Sudan: Arabs Agree To Stop Killing Each Other

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August 13, 2007: The government brokered a peace deal between rival Arab tribes in south Darfur. Fighter there had killed over 140 people in the last few weeks. While Arab tribal militias have done most of the government dirty work in Darfur (driving non-Arab tribesmen from their villages), there are still ancient rivalries between all tribes in the area.

August 12, 2007: UN peacekeeping operates on the "pledge system." Member nations agree to provide troops ("pledge troops") for a specific peacekeeping operation. Even if the peacekeeping operation is well-planned (a big if) and well-funded, planners always remain uncertain. Often pledges are not fulfilled. One example is Somalia. So far only Uganda has supplied troops. Getting troops for Darfur has also been a problem, though the UN reports that it has received a significant number of pledges for infantry soldiers. Not surprisingly, many African nations are promising ground troops. Rwanda, Ethiopia and Egypt have promised contingents, as have Uganda, Nigeria, and Tanzania. Jordan, Malaysia, and Bangladesh (the last three are predominantly Muslim countries) have also promised infantry. However, specialists troops (ie, communications, medical, engineers, mechanics, etc) are missing. So far no nations has firmly agreed to supply attack helicopters (and attack helos like the AH-64 are superb weapon systems for an operation in Darfur). Logistics support will also be a huge problem. At the moment the UN is actually considering supplying Darfur from Port Sudan - which is located on the Red Sea, on the other side of Sudan. Darfur is in the middle of Africa. That's a long way for trucks to roll. Any Darfur operation will need a lot of air transport support. That means the UN needs the US Air Force, with its fleet of C-17s and C-130s.

August 10, 2007: Several large-scale firefights have broken out in the last ten days. The Justice and Equality Movement (JEM) confirmed that its troops had captured the town of Adila on August 1. Adila is a railroad terminal for the line running east to Khartoum. Fighting in the area continued for several days. On August 9 the Sudanese military claimed its troops re-took Adila. The Sudanese government forces and their janjaweed militia allies took a beating in the fighting with over 100 soldiers and militiamen killed in the battles. Ten JEM fighters were killed.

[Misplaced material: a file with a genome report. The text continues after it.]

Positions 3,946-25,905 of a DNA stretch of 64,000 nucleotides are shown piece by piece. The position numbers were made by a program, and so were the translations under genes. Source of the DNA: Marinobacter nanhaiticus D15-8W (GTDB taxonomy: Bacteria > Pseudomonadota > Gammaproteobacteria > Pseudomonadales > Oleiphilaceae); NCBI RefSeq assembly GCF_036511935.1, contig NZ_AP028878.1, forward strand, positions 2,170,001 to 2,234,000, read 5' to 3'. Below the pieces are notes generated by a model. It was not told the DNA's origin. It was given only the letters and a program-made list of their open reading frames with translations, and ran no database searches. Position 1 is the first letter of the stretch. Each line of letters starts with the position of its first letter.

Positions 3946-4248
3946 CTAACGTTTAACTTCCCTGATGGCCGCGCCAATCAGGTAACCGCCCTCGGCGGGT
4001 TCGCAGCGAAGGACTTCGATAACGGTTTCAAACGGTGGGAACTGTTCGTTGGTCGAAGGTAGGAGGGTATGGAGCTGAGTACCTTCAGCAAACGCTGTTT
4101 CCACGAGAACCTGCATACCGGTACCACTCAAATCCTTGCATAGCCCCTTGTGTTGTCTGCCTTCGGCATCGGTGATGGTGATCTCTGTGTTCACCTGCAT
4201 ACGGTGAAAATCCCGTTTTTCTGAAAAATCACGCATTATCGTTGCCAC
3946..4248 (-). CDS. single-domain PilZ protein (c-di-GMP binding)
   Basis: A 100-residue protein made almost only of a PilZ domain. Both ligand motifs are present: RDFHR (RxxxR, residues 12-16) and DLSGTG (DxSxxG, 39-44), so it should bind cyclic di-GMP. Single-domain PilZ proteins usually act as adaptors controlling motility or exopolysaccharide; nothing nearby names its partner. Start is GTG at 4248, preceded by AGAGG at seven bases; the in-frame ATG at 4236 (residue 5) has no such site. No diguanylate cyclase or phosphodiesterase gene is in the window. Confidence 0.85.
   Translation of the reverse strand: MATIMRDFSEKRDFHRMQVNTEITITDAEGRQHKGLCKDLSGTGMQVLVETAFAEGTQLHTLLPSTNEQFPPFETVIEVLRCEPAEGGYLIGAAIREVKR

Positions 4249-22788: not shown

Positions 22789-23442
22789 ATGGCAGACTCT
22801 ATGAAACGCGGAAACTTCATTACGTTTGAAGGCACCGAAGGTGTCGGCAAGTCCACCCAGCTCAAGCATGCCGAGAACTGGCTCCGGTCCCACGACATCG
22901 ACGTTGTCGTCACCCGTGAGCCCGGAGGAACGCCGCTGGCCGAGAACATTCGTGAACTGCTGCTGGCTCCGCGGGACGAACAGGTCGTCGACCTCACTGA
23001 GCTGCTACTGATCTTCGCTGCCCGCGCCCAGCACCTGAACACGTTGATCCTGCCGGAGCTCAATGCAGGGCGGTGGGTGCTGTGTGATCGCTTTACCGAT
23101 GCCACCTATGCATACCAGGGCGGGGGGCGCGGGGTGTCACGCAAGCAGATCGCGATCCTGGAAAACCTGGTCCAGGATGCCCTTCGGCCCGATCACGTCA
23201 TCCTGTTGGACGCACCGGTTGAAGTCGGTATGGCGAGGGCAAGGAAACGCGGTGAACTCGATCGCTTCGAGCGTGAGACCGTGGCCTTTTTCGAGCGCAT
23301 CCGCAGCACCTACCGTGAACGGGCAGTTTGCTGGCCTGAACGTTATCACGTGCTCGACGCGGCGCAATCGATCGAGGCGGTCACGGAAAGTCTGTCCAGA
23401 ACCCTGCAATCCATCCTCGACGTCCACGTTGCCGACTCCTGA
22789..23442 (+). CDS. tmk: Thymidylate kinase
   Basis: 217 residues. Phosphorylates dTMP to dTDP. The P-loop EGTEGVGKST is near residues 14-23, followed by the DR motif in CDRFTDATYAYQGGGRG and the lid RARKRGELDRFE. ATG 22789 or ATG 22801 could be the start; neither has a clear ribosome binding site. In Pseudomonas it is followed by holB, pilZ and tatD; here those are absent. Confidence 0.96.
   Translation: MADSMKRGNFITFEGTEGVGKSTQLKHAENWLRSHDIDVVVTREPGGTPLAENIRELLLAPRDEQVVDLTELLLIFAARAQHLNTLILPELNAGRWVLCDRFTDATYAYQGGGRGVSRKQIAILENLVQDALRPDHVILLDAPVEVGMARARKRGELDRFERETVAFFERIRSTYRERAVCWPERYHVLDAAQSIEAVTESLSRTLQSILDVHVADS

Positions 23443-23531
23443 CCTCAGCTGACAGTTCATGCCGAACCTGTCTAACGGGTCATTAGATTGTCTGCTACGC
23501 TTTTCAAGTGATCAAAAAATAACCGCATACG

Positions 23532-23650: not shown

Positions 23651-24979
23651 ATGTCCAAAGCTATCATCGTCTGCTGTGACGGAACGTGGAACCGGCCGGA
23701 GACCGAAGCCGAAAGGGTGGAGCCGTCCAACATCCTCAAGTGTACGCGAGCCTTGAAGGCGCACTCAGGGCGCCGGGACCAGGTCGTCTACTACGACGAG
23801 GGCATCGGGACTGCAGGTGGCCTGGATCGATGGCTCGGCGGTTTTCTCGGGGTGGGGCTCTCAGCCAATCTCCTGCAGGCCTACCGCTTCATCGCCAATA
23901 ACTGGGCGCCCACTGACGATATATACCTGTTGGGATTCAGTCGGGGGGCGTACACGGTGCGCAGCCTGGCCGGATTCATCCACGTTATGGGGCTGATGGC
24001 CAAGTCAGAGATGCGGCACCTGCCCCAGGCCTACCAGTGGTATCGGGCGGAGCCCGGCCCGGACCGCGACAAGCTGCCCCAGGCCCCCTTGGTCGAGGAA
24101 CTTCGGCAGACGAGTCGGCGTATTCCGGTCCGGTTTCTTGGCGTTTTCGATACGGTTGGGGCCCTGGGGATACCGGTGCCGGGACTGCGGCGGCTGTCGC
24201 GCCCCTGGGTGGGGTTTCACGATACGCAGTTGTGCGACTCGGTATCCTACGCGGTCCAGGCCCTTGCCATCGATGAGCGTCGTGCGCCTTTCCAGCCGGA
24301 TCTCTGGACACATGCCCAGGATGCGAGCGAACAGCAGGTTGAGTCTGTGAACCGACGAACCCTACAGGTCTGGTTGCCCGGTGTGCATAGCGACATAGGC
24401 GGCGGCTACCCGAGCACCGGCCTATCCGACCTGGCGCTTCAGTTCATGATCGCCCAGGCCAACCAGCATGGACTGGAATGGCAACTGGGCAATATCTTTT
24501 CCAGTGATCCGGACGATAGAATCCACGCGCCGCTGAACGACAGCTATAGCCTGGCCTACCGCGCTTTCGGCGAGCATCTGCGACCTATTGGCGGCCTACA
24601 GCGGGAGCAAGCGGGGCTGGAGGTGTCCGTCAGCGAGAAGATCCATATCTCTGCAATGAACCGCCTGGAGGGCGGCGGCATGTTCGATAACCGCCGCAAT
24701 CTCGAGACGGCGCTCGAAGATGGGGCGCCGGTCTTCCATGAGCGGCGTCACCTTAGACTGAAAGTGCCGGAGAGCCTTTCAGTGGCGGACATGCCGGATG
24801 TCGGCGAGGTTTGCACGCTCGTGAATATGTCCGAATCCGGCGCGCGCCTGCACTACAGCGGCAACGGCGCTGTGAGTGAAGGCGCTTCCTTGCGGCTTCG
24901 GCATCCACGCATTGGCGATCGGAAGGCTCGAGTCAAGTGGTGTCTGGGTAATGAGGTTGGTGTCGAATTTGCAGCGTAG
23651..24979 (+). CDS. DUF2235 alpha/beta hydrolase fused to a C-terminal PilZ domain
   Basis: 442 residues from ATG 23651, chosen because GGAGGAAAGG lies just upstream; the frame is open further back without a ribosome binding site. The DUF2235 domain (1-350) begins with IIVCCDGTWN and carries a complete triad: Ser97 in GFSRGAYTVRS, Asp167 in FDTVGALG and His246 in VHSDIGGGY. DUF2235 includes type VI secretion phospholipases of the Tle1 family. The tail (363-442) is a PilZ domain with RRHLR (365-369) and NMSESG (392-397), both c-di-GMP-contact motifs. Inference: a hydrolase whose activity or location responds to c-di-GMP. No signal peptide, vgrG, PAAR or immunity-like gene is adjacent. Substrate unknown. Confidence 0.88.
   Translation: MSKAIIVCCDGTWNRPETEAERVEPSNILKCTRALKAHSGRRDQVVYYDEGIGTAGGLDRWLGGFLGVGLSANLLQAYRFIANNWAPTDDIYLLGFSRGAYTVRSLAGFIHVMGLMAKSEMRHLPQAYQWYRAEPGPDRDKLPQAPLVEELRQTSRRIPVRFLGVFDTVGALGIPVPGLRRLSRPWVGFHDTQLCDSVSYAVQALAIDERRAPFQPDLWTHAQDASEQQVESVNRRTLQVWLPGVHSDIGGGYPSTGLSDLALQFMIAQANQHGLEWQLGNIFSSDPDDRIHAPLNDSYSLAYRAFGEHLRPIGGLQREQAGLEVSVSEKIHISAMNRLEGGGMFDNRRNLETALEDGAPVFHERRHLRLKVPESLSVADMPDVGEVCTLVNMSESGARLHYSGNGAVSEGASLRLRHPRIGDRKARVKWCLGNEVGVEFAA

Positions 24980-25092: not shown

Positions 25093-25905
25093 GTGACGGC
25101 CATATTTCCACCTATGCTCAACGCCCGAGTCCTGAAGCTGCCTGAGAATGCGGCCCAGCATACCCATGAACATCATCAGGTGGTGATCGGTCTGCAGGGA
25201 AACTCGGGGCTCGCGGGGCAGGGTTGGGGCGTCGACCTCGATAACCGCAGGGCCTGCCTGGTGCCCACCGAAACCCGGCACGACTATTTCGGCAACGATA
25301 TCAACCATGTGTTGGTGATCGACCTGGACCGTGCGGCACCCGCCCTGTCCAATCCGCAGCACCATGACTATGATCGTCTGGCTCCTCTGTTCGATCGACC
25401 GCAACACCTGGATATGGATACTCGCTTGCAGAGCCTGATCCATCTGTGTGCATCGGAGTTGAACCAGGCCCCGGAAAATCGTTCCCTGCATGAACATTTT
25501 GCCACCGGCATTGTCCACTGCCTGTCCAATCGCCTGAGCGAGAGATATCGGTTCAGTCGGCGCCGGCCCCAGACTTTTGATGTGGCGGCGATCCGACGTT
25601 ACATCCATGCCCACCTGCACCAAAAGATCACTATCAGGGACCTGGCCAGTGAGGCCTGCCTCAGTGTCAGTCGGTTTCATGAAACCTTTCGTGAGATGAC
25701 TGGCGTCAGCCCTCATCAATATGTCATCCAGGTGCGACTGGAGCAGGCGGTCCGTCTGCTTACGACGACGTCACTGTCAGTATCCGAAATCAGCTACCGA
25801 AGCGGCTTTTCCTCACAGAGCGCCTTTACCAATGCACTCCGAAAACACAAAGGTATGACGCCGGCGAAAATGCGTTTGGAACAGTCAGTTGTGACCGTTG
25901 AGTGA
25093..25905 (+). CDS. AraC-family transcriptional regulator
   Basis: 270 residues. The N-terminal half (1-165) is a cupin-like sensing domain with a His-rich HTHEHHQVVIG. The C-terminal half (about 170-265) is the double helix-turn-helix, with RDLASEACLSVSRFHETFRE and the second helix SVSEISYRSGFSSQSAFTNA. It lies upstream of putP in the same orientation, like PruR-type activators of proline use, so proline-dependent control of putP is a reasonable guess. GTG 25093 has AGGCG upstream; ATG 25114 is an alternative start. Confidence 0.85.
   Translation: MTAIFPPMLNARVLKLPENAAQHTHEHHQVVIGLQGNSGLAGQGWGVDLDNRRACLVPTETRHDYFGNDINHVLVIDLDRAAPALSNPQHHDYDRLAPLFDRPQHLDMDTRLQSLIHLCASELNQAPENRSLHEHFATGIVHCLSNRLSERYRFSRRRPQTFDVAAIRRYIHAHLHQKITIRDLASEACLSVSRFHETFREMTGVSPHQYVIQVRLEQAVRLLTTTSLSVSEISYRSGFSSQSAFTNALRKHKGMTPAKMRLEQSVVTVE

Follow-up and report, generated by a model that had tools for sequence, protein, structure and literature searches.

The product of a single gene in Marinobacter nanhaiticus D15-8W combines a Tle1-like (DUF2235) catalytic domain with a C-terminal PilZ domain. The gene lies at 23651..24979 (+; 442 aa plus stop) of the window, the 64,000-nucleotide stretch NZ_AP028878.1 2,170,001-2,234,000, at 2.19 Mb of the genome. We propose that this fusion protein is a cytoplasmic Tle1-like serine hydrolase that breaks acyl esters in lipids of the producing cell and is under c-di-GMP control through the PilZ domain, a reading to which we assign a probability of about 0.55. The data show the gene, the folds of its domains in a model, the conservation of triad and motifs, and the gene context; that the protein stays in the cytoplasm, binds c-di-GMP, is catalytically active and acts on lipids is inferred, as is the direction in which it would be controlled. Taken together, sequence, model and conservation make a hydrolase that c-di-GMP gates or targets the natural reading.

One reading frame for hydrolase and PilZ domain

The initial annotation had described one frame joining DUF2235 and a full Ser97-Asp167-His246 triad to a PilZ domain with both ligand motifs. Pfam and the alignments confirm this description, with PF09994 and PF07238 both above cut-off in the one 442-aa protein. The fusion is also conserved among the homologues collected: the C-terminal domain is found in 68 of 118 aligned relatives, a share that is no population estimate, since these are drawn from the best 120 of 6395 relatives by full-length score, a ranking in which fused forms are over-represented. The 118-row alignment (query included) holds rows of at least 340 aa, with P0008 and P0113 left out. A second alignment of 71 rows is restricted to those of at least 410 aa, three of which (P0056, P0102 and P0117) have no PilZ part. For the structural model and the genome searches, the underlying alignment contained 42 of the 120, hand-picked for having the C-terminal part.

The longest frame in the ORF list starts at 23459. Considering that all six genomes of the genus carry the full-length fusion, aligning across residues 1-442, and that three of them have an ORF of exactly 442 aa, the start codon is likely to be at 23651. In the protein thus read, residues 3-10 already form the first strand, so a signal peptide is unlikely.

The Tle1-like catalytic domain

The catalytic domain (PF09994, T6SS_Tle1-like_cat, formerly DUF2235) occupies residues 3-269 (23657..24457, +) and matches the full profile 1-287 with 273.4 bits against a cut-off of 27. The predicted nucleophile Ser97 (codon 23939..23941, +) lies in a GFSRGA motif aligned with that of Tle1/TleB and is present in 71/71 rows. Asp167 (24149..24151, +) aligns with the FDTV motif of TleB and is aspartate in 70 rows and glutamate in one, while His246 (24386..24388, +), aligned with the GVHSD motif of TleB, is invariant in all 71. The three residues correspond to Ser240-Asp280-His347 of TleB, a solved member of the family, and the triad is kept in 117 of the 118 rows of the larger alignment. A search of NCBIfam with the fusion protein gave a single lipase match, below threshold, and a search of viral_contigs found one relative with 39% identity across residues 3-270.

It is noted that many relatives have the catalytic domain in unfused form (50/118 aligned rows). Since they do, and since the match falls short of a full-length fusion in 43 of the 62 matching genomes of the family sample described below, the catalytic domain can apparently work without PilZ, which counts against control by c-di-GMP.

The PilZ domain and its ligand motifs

Darfur rebels claimed that Sudan Air Force planes bombed four different villages in Sudan. There was no independent confirmation of the claims.

August 8, 2007: Members of the JEM Darfur rebel group claimed that they shot down a Sudan Air Force MiG-29 fighter which was operating in Darfur. The rebels claimed the aircraft went down south of the town of Adila. The Sudanese government denied the allegation. However, rebels with the Sudan Liberation Movement/Army (SLM/A) said that they believed a Sudan government jet had crashed due to mechanical failure. This is another one of those "who do you believe" stories. Shooting down a MiG-29 is quite a trick, if the plane is piloted by a competent pilot. It is a very modern aircraft. It is also much harder to service than a turbo-prop aircraft (like the Antonov transports the Sudan government typically uses as bombers). It's more likely if one crashed it went down due to mechanical failure.

August 7, 2007: The south Sudan government has begun demobilizing 25, 021 soldiers. The process has begun despite funding delays from UN sources. The funds are for "support packages" for the demobilized troops. The support packages include tools, farm implements, seeds, and other supplies to ease the transition back to civilian life. The Sudan Peoples Liberation Army (essentially the army of south Sudan) still has 160,000 to 170,000 troops.

August 6, 2007: Eight Darfur rebel factions agreed to a common negotiating platform for upcoming peace negotiations with the Sudan government. In the past these "united fronts" have dissolved as factions disagreed and in some cases turned their guns on one another. The UN, however, has finally approved a major peacekeeping force for Darfur. That's a significant political change. It also means rebel groups that don't get with the peace program won't get a slice of the aid and development funds the peacekeepers will bring with them.

 

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